* Concealment

Omid Mehdizadeh, June 17 – July 4, 2022

* Installation Views

* Individual Works

* Statement
According to Hannah Arendt, understanding is an endless endeavor in which - despite the versatility and constant changes - we deal with reality. Understanding is somehow, specifically being alive as a human. But we suffer from evil and we need to contemplate to give meaning to life, despite its malevolence and conflicts. And to not let the distance between life and death disappear.
The incomprehensibility of evil means to find the human mind and conscience overtaken with an innate and non-obliterable weakness and defect, and to believe mankind is helpless and desperate in preventing the recurrence of the human incident. To believe in the ineffability of evil is a threat to existence and makes this world unbearable and unlivable for fragile humans and their feeble bones and skins.
Evil is a comprehensible matter and that is why it is preventable. Evil is not a superhuman, diabolical, mythical, or supernatural force. Evil is understandable, therefore we can hinder its recurrence; and because of this, humans are responsible for their actions and their condition.

Then why is it that man still attempts concealment?

Excerpts inspired by Men in Dark Times
by Hannah Arendt

* Press Release
Omid Mehdizadeh creates his body of works using a wide spectrum of artistic media such as photography, sculpture, and installation. He mainly explores public spaces and public affairs with a social approach and the urban landscape has always been a context for displaying his ideas and an inspiration for his chosen subjects.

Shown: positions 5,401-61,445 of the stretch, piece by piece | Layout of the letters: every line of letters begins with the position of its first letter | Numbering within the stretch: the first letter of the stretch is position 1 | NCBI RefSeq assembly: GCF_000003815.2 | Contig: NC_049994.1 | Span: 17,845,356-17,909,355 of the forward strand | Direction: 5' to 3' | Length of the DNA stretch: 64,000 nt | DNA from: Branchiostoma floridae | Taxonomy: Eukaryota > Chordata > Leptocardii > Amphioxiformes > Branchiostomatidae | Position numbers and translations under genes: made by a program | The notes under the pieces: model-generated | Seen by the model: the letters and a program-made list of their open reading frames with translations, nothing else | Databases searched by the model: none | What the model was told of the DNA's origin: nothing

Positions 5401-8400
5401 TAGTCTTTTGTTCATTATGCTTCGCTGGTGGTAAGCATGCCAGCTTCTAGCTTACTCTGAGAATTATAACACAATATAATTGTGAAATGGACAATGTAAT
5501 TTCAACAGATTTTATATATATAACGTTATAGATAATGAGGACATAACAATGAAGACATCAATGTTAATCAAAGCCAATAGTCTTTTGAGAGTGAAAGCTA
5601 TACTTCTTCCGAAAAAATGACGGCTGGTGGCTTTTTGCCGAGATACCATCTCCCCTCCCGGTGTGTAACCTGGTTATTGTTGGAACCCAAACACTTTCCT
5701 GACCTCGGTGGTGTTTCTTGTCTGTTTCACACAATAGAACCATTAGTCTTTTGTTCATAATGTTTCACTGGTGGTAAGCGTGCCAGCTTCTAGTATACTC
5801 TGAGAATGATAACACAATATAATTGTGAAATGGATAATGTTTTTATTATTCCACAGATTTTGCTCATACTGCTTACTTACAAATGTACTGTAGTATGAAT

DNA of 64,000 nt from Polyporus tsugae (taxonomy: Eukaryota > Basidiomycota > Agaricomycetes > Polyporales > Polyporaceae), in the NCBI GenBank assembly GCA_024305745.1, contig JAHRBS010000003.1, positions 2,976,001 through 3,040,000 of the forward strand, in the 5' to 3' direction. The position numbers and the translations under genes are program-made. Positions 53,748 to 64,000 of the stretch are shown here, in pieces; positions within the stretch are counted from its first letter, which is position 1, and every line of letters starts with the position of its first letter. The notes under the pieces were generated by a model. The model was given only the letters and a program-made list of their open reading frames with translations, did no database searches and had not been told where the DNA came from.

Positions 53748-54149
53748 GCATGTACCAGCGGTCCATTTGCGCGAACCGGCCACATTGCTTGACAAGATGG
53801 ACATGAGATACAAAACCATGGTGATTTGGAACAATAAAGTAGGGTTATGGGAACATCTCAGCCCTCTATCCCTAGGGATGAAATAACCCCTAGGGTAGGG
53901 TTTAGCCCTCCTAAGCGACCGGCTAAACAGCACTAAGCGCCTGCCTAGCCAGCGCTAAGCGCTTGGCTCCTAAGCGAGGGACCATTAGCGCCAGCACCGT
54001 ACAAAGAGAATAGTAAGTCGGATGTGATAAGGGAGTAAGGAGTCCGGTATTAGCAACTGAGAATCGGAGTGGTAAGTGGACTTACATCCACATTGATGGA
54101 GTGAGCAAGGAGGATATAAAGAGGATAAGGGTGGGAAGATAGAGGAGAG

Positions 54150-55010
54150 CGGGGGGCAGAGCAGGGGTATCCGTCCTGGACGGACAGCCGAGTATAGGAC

In the “Blood Laundering” series whose book is premiered at this exhibition the artists uses words in the captions of photographs taken of public spaces devoid of human presence, and objective manifestations of violence within which the traces of the real matter is hidden, to deliver codes to the viewers for discovering and reconstructing these narratives in their mind.
The “concealment” series is comprised of different parts: photographs of trees and mountains, the “Bourg” series which is a series of photographs of construction material, three sculptures, an installation in two pieces that form a dialogue amongst these pieces, and also a series of aerial documentary photographs.
In this series of works, by damaging and distorting images, objects, and concepts, the artist aims to portray the destruction humans force on their habitats. In the aerial photographs, by destroying parts of the documentary image he recreates censorship and presents to the viewer an absence, of which they are all aware.
In Mehdizadeh’s body of work materials always play a key role; printing photographs on aluminum sheets further engages the artist with the creation process. By scratching and detracting the surface of the raw material, the artist causes disturbances in the light reflection process, disturbances which after being printed challenge the audience upon facing and viewing these pictures. Upon viewing the sculptures, the viewer is faced with a resistance against the inevitable and death-like erosion and deterioration of cities.
Mehdizadeh moves toward ruin and destruction and uses various ways of distortion, destructing, and obscuring to alter observation.
* Past Exhibitions